Friday, June 08, 2007

‘Sopranos’ Grief

By Dick Cavett
The New York Times
June 6, 2007

I welcome any advice anyone has about a certain problem: How is a person supposed to live without “The Sopranos”?

Last Sunday’s penultimate episode gave me a vivid nightmare. A woman I know was unable to sleep at all after watching it. God knows what watching the ultimate one will do this weekend, on what we the devoted think of as Black Sunday.

The great David Chase, who created it all, decided to pull the plug on his stately craft while her sails are still billowing, an action as rare in the world of television as a sincere compliment. Or a program as good as “The Sopranos.”

I’m glad it’s only a rumor that he has had to increase security for himself against armed fans unable to accept the reality of the long-dreaded terminus. How can we fan(atic)s of the show express our boundless gratitude to Mr. Chase? Maybe we could all sign one huge “thank you” to him — a Hallmark card the size of New Jersey. Were this Japan, Chase-san would have long since been declared a Living National Treasure.

Accusations of name-dropping are bred of envy, and I felt it strongly toward anyone who met or claimed to have met actors from the show — until, that is, I met actors from the show. I came bounding home some years ago to announce to my wife (the late Carrie Nye, an actress) that we could go to a party where there would be members of the cast. She declined: “They’re such fine actors, but I don’t want to know that they’re actors. I want them to remain those people.”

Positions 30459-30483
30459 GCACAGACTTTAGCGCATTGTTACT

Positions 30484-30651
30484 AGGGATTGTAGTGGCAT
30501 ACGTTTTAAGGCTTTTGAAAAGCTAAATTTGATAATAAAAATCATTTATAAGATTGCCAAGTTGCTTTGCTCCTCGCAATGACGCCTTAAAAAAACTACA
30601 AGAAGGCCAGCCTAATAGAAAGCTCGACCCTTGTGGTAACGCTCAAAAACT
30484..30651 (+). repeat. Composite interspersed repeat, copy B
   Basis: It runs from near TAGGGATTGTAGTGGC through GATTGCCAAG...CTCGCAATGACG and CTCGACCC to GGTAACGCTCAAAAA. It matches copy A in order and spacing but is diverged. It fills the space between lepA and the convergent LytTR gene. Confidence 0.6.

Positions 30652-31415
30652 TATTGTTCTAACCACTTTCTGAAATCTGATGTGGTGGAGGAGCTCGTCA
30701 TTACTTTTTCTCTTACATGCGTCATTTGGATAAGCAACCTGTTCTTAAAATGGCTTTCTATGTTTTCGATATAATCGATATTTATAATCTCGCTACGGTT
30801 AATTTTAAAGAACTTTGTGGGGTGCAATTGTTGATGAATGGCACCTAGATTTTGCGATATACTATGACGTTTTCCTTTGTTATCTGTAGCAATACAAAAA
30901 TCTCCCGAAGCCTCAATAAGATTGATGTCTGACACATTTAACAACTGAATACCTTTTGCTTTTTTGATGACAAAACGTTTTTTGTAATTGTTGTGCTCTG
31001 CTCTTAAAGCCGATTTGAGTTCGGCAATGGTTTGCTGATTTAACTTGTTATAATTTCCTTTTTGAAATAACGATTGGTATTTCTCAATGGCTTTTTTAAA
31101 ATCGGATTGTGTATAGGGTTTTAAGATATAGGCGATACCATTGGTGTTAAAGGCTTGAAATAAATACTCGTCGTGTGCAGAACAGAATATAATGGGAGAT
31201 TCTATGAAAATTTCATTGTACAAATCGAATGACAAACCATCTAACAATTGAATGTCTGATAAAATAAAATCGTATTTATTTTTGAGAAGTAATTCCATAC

Please resist envy, then, when I say that I have gotten to know and hang out with the sinfully talented Michael Imperioli (“Christopher,” Tony’s problem nephew, as well as the author of numerous episodes). Having dinner with him (and his wife) had no effect whatever of the kind my wife refused to risk. There he was, a day later, on the show: Christopher again. Moving, scary and certainly no one I had ever met. The magic of acting.

This year, Michael got me onto the set and I was in hog heaven. Getting to rub shoulders with cast members and lucky souls like wardrobe people and best boys who got to be there every day, and magic names I knew from the screen credits like Brad Grey — all of it a most heady experience. I stayed long and late and left feeling like a kid coming back from the circus, with nothing to look forward to but home and school.

I don’t know how to relate, nor what to say, to people who gave the show a pass because they “didn’t want to see another crime show.” I suppose it’s possible to lead a full life without ever having known what is meant by “Bada Bing” or “Big Pussy” or “Uncle Junior” or “Dr. Melfi,” but I’m not sure. I doubt that such willfully self-deprived souls would welcome my sympathy. But, my God, what they missed. If I were artistic commissar it would have been required viewing.

(I feel much sorrier for those who sampled it and found nothing to admire. They are beyond hope.)

I gave DVDs of the show’s first season to a very intelligent, well-educated, couple I know. They are high-toned people. They scorn television. To shut me up, they agreed to watch at least part of the first show late one afternoon. They tolerated, with a snicker, my suggestion that as in the potato chip commercial, they couldn’t watch just one episode. They later confessed that they barely moved as both dinner and bedtime came and went before they could make themselves shut it off.

A special Emmy should be awarded for the casting. There was not a dud in the carload. And no one was ever just a type. They were whole, intricately complex people and we got to peer into their lives and personalities to a degree I’ve never seen achieved before.